It’s time for some Easter Maths activities to do in the last week of the Easter term as Lent is drawing to a close.

#### Before we kick off – a Lent themed idea for primary teachers

People who observe Lent – typically but not always Christians – make a promise or a commitment. The commitments people usually make involve some kind of self-improvement or giving up a luxury or bad habit; such as coffee, or unhealthy foods like pizza and chocolate. For Christians, Lent can also mean a time of fasting, which celebrates Jesus and his journey into the desert for 40 days. And Easter Eggs at Easter are the feast at the end of the fast!

## Looking for more topical Maths investigations? Download 18 more fun, printable activities to try with your KS2 class

#### This Lent – give up giving up in Maths before Easter!

As always, our topical Maths post has a mathematical theme, and this Lent post for Easter is no exception. We also wanted to share an idea around commitment with you that one of our teacher colleagues used to adopt, with great success in Maths.

She’d use Lent as an opportunity to encourage children to ‘give up giving up on Maths’ for six weeks. The deal was that if they made an extra special effort to develop a positive attitude to Maths then at the end of the six weeks, they would all be rewarded (often, yes, with chocolates). It’s important to note that the focus of this kind of deal must be all around efford and mindset, not attainment in order for it to work.

You can emphasise the importance of perseverance, diligence and a growth mindset – you can even draw from the information on growth mindset featured in this blog post. Then, after all their hard work, you can reward them with their Easter maths activities!

This means you’re emphasising important qualities such as tenacity and determination, putting them into practice, and then reinforcing this behaviour, all the while focused on improving confidence and learning around Maths.

Plus making a deal with your class is a great way to engage them – and even create better relationships between you and your pupils.

So it’s worth thinking about this deal, and talking about this aspect to Lent with your pupils, whether they’re Year 6 or otherwise. And who knows, maybe it’s a deal you could make with your children for their Maths lessons for a few weeks this year or next?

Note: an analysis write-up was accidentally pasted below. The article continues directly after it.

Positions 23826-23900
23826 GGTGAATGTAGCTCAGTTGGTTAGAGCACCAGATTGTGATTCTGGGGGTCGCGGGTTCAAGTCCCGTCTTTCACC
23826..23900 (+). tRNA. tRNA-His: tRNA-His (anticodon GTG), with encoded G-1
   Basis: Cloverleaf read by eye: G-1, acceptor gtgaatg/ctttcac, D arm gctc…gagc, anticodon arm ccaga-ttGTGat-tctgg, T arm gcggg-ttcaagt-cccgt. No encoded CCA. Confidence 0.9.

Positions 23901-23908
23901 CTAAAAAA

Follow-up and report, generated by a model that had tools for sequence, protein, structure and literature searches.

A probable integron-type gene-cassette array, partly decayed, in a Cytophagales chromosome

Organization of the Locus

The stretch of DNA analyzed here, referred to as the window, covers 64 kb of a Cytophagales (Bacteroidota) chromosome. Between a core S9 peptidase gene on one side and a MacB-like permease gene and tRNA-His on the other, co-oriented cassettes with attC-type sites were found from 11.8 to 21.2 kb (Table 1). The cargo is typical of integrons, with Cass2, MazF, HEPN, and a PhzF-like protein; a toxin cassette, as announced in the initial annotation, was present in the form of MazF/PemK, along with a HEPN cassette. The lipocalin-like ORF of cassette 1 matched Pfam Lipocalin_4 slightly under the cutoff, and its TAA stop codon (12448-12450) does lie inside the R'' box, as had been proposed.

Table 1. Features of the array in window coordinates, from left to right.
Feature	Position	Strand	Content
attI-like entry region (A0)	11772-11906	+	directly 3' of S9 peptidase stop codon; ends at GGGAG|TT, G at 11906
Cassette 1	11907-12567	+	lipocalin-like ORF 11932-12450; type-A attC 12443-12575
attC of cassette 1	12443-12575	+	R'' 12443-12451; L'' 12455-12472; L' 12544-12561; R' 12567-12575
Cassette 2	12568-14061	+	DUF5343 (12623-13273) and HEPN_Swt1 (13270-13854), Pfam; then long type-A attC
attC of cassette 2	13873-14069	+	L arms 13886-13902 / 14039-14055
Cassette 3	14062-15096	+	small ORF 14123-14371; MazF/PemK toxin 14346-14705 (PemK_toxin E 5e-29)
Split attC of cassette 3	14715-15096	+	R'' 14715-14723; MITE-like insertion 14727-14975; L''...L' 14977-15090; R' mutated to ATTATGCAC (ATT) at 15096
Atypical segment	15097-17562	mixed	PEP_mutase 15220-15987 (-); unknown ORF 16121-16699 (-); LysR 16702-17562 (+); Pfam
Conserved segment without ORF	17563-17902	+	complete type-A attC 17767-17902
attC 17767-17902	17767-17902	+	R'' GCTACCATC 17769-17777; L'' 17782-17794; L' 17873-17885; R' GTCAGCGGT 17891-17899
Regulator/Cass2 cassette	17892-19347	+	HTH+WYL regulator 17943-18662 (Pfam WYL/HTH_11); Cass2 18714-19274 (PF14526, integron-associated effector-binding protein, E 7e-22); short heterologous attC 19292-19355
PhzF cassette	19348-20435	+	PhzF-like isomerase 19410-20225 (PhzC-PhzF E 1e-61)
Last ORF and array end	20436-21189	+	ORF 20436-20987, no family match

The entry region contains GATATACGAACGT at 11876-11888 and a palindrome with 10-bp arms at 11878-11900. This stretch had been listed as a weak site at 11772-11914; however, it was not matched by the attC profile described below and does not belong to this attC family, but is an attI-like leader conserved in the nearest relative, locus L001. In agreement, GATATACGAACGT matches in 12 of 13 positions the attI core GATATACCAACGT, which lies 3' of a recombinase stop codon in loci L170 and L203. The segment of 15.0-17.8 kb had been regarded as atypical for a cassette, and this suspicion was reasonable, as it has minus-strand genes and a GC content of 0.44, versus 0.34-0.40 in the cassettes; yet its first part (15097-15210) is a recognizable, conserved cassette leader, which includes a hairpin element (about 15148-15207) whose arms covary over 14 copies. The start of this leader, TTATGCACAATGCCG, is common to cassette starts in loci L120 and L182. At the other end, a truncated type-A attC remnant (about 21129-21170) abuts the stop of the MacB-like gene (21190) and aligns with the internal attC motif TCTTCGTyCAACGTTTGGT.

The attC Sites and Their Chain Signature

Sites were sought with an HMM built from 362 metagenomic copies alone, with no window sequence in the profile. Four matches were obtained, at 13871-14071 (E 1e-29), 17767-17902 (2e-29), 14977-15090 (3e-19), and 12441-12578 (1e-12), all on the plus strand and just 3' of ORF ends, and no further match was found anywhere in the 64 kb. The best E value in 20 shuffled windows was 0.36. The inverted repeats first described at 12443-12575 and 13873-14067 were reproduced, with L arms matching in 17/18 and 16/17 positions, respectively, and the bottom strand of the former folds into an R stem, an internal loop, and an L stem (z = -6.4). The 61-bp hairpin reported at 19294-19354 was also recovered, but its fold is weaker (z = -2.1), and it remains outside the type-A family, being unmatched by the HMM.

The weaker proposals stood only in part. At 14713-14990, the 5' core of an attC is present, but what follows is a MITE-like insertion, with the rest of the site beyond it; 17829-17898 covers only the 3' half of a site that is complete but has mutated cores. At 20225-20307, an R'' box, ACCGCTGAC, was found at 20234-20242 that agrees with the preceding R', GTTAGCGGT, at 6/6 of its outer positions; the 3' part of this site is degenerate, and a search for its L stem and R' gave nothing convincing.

Now let’s get the ball rolling with these KS2 Easter Maths activities for the end of Lent. Challenge your pupils to complete the activities below, and then reward them for doing so. If you model the give up giving up deal over one lesson you’ll soon show them how it’s done (but don’t forget to keep your end of the bargain too…)

#### Lent / Easter Maths Investigation 1 – Chocolate Shapes

Holly cannot eat any chocolates from her favourite selection box because she has given up chocolate for Lent. Instead of eating them, she decides to do an investigation. These are the shapes of the chocolates she has in her box (sides marked x are the same length) and each colour represents a different shape:

**Using the picture above, answer these questions:**

- How many different ways can you use the chocolates to make a rectangle?
- Can you make a rhombus?
- Can you make a parallelogram?
- Can you make a regular hexagon?
- How many different triangles can you make?

#### Lent / Easter Maths Investigation 2 – Coffee Calculations

Each day, Mr Jackson drinks 3 cups of instant coffee at home, and twice a week he buys coffee from his local coffee shop

- A UK coffee shops sell coffee for £2.75 per cup.
- A 200g jar of instant coffee costs £4.60.
- 1.8g makes 1 cup of coffee.

**Using the information above, read and answer the question below:**

How much money save Mr Jackson save if he gives up coffee for Lent? Round amounts of money to the nearest penny.

We hope you enjoy our KS2 Easter Maths investigations for the close of Lent. Tweet us@thirdspacetweet and tell us how your give up giving up deal goes!

**Check out lots more fun topical Maths investigations KS2 in our blog: How Ways to Use Topical Maths to Improve Problem Solving and Reasoning. **